The internet has brought many benefits to people in the past decade including those with mental ill health, such as the use of online cognitive behavioural therapy and online forums helping to facilitate peer support. But in Finland, they have gone further, and it is providing better patient outcomes. Professor Grigori Joffe explains.
As many countries across Europe struggle to deal with rising demand for mental health services, Finland is improving service provision via an online portal, offering a range of services from a single source.
The Mental Health Hub (www.mielenterveystalo.fi) – a comprehensive range of mental health services that can be accessed through a single portal. By streamlining patient access to information and treatment, the Hub is enabling practitioners to address disorders at an early stage, for better patient outcomes. Plus, in an age of growing demand for psychotherapy and health budgets being stretched even further, the Hub aims to prevent mental healthcare costs spiralling out of control.
Offering a symptom-based local service finder, reliable sources of information, guides and self-help programmes, plus training and support for professionals, the portal also gives immediate access to ICT-assisted asynchronous therapies with no waiting list. All these services – for patients and healthcare professionals – are now available in one place, with each patient receiving the same high quality treatment and care.
At the heart of Mental Health Hub is a ‘symptom navigator’, which directs the public to appropriate local services based on the severity of their distress, but at the same time preventing any self-diagnostics. In addition, an automatic ‘psycho-educator’ provides reliable, common sense information on symptoms and disorders. This empowers public and professionals alike. For mental healthcare professionals, the Hub also offers education, training, advice and consultation opportunities plus various tools for measuring mental health.
Behind the scenes of Mental Health Hub is a modular IT platform, designed to support the growth and expansion of the portal, via diverse additional modules which include self-help; monitored peer group discussions; professional-guided, computer-assisted, internet-delivered cognitive behavioural therapy, consultations and professional training, to name a few.
The portal currently offers patients computer-assisted cognitive behavioural online therapies for depression, alcohol misuse, general anxiety, panic and social anxiety disorders, as well as a symptom control programme for bipolar disorder. A range of additional therapies is being developed, including bulimia therapy, scheduled to go live in Autumn 2017. As with previous therapies, these will also be available immediately with no waiting lists.
When the project began almost 10 years ago, there was no national co-ordination of mental health service providers. But when we reached out to the relevant stakeholders from the public, private and third sectors, we were met with an incredibly high level of enthusiasm; they all wanted to become involved.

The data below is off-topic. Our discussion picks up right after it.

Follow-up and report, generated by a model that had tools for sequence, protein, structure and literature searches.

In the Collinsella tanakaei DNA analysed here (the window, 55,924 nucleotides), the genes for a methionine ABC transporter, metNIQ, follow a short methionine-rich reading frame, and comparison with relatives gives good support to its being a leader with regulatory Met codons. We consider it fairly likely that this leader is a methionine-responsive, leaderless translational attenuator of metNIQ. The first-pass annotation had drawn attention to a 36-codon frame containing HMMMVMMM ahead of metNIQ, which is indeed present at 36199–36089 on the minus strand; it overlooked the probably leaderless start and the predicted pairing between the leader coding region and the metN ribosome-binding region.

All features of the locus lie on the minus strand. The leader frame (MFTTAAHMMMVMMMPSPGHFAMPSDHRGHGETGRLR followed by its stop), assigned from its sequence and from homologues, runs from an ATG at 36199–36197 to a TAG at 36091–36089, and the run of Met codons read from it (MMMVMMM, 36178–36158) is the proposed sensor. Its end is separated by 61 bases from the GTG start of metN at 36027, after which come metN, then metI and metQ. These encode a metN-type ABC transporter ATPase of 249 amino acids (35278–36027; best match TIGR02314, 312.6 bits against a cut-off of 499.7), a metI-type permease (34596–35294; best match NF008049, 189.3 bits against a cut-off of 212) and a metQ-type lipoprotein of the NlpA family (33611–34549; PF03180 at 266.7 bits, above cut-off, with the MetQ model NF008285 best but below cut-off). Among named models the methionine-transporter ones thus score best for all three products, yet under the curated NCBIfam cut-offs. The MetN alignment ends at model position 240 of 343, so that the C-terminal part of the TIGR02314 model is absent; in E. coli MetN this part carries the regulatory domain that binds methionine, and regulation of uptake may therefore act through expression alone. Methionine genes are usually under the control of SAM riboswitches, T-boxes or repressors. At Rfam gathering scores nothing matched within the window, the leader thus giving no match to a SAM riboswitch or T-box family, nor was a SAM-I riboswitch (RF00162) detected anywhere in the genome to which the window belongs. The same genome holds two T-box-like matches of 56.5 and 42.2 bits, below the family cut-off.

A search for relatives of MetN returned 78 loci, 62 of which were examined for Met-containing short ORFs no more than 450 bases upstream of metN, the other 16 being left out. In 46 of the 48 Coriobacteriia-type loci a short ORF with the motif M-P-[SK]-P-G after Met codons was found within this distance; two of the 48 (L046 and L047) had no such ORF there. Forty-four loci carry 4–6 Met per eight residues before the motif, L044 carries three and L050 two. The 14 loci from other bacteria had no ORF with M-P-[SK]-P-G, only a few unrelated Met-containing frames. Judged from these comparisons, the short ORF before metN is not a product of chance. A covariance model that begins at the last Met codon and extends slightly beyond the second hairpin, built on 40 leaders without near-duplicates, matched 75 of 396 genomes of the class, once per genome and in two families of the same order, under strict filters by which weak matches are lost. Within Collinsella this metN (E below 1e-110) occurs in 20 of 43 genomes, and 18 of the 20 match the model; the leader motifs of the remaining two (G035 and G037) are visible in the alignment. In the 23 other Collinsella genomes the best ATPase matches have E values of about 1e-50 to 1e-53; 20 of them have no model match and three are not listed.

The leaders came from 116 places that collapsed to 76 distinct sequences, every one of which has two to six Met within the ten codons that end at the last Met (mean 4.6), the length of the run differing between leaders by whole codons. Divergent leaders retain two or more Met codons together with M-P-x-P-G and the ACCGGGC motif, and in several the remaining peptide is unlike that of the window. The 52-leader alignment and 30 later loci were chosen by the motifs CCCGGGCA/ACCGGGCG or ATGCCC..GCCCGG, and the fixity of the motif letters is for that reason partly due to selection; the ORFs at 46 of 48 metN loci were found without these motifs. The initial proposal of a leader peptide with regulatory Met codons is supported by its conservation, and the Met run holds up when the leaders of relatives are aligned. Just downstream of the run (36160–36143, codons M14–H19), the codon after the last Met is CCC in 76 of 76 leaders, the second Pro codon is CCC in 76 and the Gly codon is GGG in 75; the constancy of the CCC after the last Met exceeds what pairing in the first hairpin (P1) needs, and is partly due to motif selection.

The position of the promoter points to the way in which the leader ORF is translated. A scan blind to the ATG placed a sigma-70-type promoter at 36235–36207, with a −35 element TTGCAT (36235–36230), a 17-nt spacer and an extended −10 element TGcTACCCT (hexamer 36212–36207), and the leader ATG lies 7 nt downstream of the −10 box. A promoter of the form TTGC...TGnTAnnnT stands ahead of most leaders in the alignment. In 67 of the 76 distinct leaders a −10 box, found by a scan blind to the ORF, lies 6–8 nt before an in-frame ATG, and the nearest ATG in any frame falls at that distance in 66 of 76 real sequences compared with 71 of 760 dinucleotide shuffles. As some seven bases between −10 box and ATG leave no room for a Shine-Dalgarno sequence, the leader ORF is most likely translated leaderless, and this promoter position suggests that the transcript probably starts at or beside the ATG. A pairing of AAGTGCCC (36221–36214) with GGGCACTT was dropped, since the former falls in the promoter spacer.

This open and inclusive dialogue with all stakeholders was the primary, critical success factor of the project. From the government to private sector, it was quickly learned that all parties need to collaborate – don’t be selfish, speak to anyone and encourage cooperation for the benefit of everyone. By maintaining the patient as the central focus at all times, it guarantees the ethical nature of the project, which makes it straightforward for all parties to participate.
Another key learning was to start small and think rationally. It began by bringing together mental health and substance abuse professionals from the local catchment area and involved patients in the early stages. This approach created a basis for the service paths and the first version of Mental Health Hub was born.
Subsequent growth involved widening the geographical scope and collaborating with local professionals. This slowly grew until it had national coverage. Inclusion, discussion and co-creation all played a central role in the success of the programme.
Results to date
Overall, Mental Health Hub is helping to achieve better outcomes at less cost and the demand is finally being met. Now, primary healthcare practitioners are referring patients directly to the online therapies, which is improving the general mental health of the population with a minimal financial input.
In terms of some preliminary results, over the average three-month period that patients undertake their therapy, the mean Beck Depression Inventory score, for example, appears to reduce from 23 to 14 points, with almost half of the patients achieving remission (less than 10 points). And this positive progress seems to continue once the therapy has been completed too. These results are comparable to traditional therapies.
On the back of this success, we are developing the Hub’s platform model by applying it to other fields, such as social services. Live projects, in conjunction with regions across Finland, are already well underway.
Simultaneously, we are collaborating with other university hospital districts to build a government-funded, national Virtual Hospital at HealthVillage.fi.
Thirteen hubs have already opened, including Weight Management Hub, Women’s Hub and Pain Relief Hub. By the end of 2018, around 30 hubs for more than 40 patient groups will have been launched.Again, the objective is to make services more accessible and affordable and create a flexible platform that can be adapted to meet the needs of overseas healthcare providers too. Working closely with governmental organisations Finpro and Tekes, those behind the Hub are seeking out international partnerships that will drive healthcare innovation across Europe and beyond. n